When looking for the right needle for a project, ask yourself these questions:

  • What fabric or canvas will you be stitching on?
  • What thread or yarn are you intending to use?

We've pulled together a list of needle types and sizes to cover most of your handwork needs:


Tapestry and Cross Stitch needles have a blunt or rounded point, allowing them to easily slip between the fibers of Aida and evenweave fabrics as well as needlepoint canvas.  They have a large, elongated eye making it easy to thread thicker threads and yarns.  Sizes range from 14 to 28 - the smaller the number the larger the needle.

 Bohin Tapestry needles, sizes 14, 16, 18, 22, 24, 26, & 28

Embroidery needles, sometimes known as Crewel Needles, have a sharp point with a long, oval eye.  The long eye allows for multiple strands of floss or thicker thread to be used easily.  Sizes range from 1 to 12, with 7, 8, and 9 being the most popular.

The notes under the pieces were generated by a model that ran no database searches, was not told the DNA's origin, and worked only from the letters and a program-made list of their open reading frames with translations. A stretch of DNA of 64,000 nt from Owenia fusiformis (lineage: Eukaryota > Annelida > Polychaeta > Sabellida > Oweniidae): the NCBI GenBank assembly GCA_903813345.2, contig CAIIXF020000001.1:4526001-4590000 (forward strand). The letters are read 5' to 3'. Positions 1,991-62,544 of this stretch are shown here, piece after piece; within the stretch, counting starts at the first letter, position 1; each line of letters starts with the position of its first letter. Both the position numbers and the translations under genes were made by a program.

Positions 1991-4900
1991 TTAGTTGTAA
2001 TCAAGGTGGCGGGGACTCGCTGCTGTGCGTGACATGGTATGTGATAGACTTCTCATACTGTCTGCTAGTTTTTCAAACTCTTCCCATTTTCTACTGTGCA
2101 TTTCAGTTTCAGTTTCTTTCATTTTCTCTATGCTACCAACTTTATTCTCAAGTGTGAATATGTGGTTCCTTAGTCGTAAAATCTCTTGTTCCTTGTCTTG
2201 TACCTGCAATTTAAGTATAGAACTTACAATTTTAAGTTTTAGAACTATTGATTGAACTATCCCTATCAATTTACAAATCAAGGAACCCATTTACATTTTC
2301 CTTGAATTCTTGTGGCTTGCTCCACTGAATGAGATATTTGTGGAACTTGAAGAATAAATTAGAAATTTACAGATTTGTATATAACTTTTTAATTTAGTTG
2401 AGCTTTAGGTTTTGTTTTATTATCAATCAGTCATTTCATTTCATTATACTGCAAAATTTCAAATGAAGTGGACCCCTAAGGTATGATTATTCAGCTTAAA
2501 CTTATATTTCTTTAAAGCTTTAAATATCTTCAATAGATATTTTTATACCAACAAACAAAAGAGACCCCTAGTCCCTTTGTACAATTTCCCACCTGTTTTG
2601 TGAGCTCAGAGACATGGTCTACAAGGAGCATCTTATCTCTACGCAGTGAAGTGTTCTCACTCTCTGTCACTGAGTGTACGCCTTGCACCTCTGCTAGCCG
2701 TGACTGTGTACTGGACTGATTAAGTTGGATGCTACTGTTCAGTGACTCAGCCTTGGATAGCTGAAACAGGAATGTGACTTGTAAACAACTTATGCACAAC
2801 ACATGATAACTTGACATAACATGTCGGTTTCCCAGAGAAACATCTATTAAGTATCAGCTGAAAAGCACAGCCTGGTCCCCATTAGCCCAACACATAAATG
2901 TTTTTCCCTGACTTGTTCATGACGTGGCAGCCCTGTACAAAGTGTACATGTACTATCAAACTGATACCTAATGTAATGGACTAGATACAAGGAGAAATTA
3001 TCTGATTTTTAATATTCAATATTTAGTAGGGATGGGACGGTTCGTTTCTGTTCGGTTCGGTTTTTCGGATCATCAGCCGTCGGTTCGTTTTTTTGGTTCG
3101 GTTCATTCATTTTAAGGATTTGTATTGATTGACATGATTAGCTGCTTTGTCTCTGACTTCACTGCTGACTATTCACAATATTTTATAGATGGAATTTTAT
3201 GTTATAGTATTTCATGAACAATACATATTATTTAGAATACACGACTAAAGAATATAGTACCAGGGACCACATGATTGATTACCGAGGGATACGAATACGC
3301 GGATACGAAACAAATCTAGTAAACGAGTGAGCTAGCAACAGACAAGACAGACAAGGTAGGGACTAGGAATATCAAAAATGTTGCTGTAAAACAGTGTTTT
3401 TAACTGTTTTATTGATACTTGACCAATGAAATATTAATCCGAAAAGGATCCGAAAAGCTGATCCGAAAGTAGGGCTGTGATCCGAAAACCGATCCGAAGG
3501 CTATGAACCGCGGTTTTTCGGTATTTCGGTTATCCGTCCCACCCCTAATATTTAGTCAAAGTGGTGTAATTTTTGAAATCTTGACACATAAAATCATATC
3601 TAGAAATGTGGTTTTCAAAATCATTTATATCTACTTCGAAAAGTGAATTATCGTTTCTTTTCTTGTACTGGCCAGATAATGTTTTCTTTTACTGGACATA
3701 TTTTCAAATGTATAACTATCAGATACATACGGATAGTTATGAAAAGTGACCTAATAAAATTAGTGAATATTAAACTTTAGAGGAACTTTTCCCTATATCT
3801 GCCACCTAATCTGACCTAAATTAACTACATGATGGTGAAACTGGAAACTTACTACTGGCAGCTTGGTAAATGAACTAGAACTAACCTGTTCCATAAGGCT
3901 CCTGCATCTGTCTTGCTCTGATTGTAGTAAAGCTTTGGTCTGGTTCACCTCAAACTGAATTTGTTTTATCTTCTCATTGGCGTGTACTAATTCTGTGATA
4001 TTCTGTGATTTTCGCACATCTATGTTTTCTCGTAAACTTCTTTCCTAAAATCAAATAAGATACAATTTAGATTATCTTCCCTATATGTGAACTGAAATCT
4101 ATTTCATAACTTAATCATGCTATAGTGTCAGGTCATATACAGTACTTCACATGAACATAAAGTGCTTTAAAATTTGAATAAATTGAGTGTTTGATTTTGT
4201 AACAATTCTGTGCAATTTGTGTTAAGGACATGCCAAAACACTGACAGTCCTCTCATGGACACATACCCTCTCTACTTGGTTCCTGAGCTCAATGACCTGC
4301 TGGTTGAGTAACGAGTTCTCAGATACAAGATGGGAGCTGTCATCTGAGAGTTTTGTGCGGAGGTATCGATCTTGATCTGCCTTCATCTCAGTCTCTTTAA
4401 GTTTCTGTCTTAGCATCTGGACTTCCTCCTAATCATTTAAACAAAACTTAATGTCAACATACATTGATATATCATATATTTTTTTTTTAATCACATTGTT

Chenille needles, like Embroidery needles, have a long, oval eye and sharp point.  They are used for larger projects and/or larger fibers or ribbons, and coarse or heavy fabrics.  They range in size from 13 to 26.

Sharps are a popular choice for general sewing needs.  They have a round eye and a sharp point and come in sizes 1 - 12.  Use the smaller sizes for fine + lightweight fabrics, use larger sizes for medium to heavyweight fabrics.

Milliner needles, also called Straw needles, are long with round eyes.  As the name suggests they were traditionally used in hat-making.  Sizes range from 1 to 11.  They have the same thickness from eye to tip, making them ideal for long bullion knots and other stitches requiring the thread to be wrapped around the shaft of the needle.

Quilting needles, also called Betweens, they are short with a small round eye and sharp tip. 


Beading needles are very thin and typically have a very small eye, allowing the needle to pass through the smallest of beads.  As well they are quite long in order to fit more beads.

Darning needles have a large eye and a sharp point.  The tip is slightly curved to enable them to pick up stitches easier. 

Not sure what needle is right for your project?  Try a needle booklet or an assorted collection, they typically contain a good range of styles and sizes, and come in nifty little collectable cards.